3. I am astonished by the number of obviously intelligent people who are perplexed by this issue.

    1)Ask yourself where were Brown & the Labour Party in the opinion polls prior to the Credit Crunch.?25-28% mostly.

    2)The term ‘Brown bounce’ came amid the Credit Crunch not before it.

    The public are now more aware of fiscal realism.there are two forms of debt that we have heard about over the last year one is false & one is true.

    Personal debt:

    Personal debt is a load of rubbish frankly,the reason is 90% of it is mortgage,let me explain if everyone who had a mortgage stopped & rented,they would all show up has having no mortgage debt,in the real-world however renting would be just as expensive.IE Germany,who have no tradition of home ownership & rent all their lives,this is why Germany despite no housing collapse due to price bubble are in a worst recession than the UK,they have no big ticket assets,they rely on high tax society safety net for the populous.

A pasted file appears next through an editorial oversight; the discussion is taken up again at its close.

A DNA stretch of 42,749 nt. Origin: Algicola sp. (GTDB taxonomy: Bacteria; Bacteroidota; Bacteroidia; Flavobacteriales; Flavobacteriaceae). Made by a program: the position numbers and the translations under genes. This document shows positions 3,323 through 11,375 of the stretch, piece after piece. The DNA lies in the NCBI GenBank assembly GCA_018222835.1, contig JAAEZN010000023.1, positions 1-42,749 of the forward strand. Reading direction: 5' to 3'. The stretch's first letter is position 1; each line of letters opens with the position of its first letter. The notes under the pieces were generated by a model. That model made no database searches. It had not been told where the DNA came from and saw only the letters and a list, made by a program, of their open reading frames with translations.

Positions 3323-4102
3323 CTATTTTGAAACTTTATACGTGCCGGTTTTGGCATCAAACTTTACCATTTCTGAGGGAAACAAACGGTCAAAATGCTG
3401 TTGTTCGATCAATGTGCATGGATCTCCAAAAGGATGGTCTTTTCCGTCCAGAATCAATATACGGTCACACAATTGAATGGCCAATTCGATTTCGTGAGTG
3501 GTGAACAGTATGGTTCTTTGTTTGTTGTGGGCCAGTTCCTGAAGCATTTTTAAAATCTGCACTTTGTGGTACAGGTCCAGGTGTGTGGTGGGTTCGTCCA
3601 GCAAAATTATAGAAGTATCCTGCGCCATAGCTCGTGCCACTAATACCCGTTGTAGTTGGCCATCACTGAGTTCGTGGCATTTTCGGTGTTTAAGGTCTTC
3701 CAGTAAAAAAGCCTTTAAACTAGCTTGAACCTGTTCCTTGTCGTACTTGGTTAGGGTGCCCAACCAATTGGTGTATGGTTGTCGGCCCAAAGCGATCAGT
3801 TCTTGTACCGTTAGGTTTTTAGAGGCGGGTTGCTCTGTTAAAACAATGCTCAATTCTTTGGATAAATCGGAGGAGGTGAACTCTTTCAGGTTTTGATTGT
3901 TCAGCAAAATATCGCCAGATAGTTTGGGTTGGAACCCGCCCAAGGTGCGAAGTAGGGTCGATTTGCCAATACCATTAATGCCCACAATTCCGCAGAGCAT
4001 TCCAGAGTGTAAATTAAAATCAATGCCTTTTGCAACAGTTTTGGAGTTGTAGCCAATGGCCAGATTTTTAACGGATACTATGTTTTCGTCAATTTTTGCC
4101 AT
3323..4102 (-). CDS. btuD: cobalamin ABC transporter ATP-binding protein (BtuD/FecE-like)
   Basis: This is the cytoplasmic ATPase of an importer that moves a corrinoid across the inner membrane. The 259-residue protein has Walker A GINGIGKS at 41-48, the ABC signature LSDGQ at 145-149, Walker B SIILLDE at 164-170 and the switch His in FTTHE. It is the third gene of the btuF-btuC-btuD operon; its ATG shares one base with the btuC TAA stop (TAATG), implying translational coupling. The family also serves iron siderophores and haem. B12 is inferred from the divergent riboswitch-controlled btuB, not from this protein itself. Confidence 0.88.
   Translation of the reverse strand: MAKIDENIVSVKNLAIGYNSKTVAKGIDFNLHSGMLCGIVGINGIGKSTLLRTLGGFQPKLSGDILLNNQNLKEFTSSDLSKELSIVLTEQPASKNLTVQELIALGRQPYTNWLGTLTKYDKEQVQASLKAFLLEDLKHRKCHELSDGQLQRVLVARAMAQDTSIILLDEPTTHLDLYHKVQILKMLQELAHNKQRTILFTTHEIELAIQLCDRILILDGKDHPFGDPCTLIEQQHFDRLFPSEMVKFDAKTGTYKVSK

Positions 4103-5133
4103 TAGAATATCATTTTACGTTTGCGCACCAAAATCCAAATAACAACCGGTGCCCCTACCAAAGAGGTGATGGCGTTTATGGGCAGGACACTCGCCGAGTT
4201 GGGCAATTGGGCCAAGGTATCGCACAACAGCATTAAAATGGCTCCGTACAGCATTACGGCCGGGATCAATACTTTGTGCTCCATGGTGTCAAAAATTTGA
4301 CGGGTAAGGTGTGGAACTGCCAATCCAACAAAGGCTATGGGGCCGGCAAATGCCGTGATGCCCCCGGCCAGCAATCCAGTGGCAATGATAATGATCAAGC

Also if you have a mortgage & your Central Bank cuts interest rates you benefit to an extent someone renting does not in your monthly payments.

    Government debt:

    Again lets use Germany as a example,Brown as COE used to compare our respective GDP growth to the rest of the G7.

    Germany used to average around 2%
    UK used to average about 3%(during the boom years)

    If you look at the above GDP growth you would have thought UK had done better,you would be wrong.

    UK has had Budget deficits since 2001-2009 of around 1-1/2%- 2% GDP per annum,effectively buying our own growth,Germany in this time has been balancing its budget for the most part.

    So if you disregard the accounting trick,3% GDP growth is really 1-1/2 GDP growh minus the GDP we have bought on the nations credit card.

    So if Germany didn’t have the budget deficit,there 2% real growth & balanced budget was actually better all along then the UK growth during the Brown COE years.

    The Britsih public have woken up to the fact,if the Economy has been so great why do we always have a debt & ever higher taxes to pay for it.